This fear of catching COVID-19 is now referred to as ‘coronaphobia’, initially a term coined to describe those who panicked in February, it is now a legitimate phobia. It is characterised by increased depression, generalised anxiety, feeling hopeless, suicidal ideation and functional impairments.
It has been made worse by mass employment, large number of deaths and quarantine measures put in place to stem the spread of the virus.
With fears of a second wave, and cases on the rise in parts of Europe, United States and South America, the worry is that this sense of coronophobia will grow.
Impact on mental health services
Mental Health services have always been stretched, with many people unable to receive affordable support. With the current circumstances, it is now even more difficult for people to receive support. Social distancing means medical professionals are seeing patients in different ways (e.g. phone and video calls).
With phone and video calls, issues such as phone phobia and anxiety can arise. Patients may feel their doctors are unable to assess them without being face-to-face.
Additionally, fear of catching the virus may deter patients from seeking help where face-to-face appointments are available.
Things may get worse before they get better, and for now, there should be an increased focus on positive coping strategies.
In the long term, countries across the world may need to look into expanding their mental health care services and making sure people know what is available. Schools and local authorities should be providing children and parents with access to mental health resources.
Authorities need to work on increasing the quality of care available, training more mental health professionals, and encouraging people to engage in information about the virus and each other in a healthy and balanced way. With social distancing still in effect, community-based solutions such as support groups and networks will be helping those who are struggling.
Above all, reassurance and transparency from government and health officials and clarity from researchers and medical professionals will help people can cope with the mental toll of COVID-19.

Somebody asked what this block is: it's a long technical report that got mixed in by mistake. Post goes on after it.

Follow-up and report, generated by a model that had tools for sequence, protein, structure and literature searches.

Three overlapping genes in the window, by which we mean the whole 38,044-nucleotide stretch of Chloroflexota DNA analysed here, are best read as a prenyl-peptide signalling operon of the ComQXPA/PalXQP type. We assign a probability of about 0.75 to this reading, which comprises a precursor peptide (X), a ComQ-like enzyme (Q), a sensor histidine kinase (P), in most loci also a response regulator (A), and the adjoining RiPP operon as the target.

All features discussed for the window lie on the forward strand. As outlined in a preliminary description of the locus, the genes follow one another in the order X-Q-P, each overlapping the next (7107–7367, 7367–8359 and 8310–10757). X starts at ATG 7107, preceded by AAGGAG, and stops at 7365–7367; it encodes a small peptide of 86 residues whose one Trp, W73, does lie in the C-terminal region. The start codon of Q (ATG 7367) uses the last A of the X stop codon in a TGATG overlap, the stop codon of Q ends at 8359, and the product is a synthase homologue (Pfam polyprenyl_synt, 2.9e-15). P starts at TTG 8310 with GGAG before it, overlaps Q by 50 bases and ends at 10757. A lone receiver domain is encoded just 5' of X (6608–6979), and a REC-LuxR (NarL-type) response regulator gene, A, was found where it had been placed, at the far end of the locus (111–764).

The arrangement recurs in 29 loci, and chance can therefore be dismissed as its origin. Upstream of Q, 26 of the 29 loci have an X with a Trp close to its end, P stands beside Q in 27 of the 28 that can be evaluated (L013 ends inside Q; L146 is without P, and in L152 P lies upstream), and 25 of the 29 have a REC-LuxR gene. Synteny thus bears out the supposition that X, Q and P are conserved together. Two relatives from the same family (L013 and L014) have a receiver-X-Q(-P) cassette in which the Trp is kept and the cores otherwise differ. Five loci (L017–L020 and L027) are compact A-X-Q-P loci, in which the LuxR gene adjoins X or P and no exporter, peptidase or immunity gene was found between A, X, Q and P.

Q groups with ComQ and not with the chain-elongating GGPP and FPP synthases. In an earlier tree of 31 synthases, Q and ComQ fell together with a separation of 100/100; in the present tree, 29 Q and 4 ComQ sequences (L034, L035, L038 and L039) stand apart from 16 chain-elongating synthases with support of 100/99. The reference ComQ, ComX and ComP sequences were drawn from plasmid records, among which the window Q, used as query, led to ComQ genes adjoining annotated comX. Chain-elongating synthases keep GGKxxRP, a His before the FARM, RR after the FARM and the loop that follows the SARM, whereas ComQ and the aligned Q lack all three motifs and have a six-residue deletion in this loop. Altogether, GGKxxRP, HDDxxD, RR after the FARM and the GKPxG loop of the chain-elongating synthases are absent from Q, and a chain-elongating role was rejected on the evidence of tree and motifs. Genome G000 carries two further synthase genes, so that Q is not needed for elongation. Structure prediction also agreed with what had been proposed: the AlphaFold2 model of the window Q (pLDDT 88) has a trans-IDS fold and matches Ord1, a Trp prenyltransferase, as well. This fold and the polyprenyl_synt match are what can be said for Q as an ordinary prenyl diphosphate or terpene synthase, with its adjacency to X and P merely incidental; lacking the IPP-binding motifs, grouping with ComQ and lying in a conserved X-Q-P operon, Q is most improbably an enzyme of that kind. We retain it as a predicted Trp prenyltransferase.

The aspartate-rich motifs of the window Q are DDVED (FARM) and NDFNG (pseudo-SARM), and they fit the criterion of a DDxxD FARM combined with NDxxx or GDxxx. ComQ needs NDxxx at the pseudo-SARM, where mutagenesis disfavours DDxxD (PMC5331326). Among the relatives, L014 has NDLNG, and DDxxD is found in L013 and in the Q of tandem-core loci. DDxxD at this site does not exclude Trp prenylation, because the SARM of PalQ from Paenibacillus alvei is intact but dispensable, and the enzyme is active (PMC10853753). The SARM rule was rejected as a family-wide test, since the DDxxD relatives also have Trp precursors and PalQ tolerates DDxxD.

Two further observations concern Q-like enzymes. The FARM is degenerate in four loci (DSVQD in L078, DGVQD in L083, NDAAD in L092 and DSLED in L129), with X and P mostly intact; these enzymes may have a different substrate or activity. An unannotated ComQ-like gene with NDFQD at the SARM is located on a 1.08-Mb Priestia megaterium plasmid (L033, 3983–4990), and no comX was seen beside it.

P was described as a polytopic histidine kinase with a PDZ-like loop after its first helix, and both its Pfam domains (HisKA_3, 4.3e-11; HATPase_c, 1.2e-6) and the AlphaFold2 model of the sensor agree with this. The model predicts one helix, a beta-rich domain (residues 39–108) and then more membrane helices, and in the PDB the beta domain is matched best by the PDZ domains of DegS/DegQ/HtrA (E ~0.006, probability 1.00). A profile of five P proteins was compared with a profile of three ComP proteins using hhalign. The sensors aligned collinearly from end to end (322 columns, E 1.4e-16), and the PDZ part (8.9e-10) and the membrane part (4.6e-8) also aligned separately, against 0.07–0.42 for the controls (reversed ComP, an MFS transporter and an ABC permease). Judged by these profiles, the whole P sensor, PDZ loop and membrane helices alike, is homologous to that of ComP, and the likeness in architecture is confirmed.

Coronavirus disease 2019 (COVID-19). (2020, May 19). Centers for Disease Control and Prevention. https://www.cdc.gov/coronavirus/2019-ncov/daily-life-coping/managing-stress-anxiety.html
González-Sanguino, C., Ausín, B., Castellanos, M. Á., Saiz, J., López-Gómez, A., Ugidos, C., & Muñoz, M. (2020). Mental health consequences during the initial stage of the 2020 coronavirus pandemic (COVID-19) in Spain. Brain, Behavior, and Immunity, 87, 172-176. https://doi.org/10.1016/j.bbi.2020.05.040
The impact of COVID-19 on mental health: The interactive roles of brain biotypes and human connection. (n.d.). ScienceDirect.com | Science, health and medical journals, full text articles and books. https://www.sciencedirect.com/science/article/pii/S2666354620300430
Lee, S. A., Jobe, M. C., Mathis, A. A., & Gibbons, J. A. (2020). Incremental validity of coronaphobia: Coronavirus anxiety explains depression, generalized anxiety, and death anxiety. Journal of Anxiety Disorders, 74, 102268. https://doi.org/10.1016/j.janxdis.2020.102268
Parent survey reveals widespread concerns about mental health impact of COVID-19 on young people’s mental health. (n.d.). YoungMinds. https://youngminds.org.uk/about-us/media-centre/press-releases/parent-survey-reveals-widespread-concerns-about-mental-health-impact-of-covid-19-on-young-people-s-mental-health/#:~:text=Parents%20and%20carers%20who%20took,increased%20isolation%20and%20young%20people
Public mental health and wellbeing and COVID-19. (n.d.). Local Government Association. https://local.gov.uk/public-mental-health-and-wellbeing-and-covid-19
UK COVID-19 update: How lockdown affected mental health. (2020, July 22). Medscape. https://www.medscape.com/viewarticle/934399
What impact has COVID-19 had on mental health services? (n.d.). What impact has Covid-19 had on mental health services?. https://www.rethink.org/news-and-stories/blogs/2020/05/what-impact-has-covid-19-had-on-mental-health-services/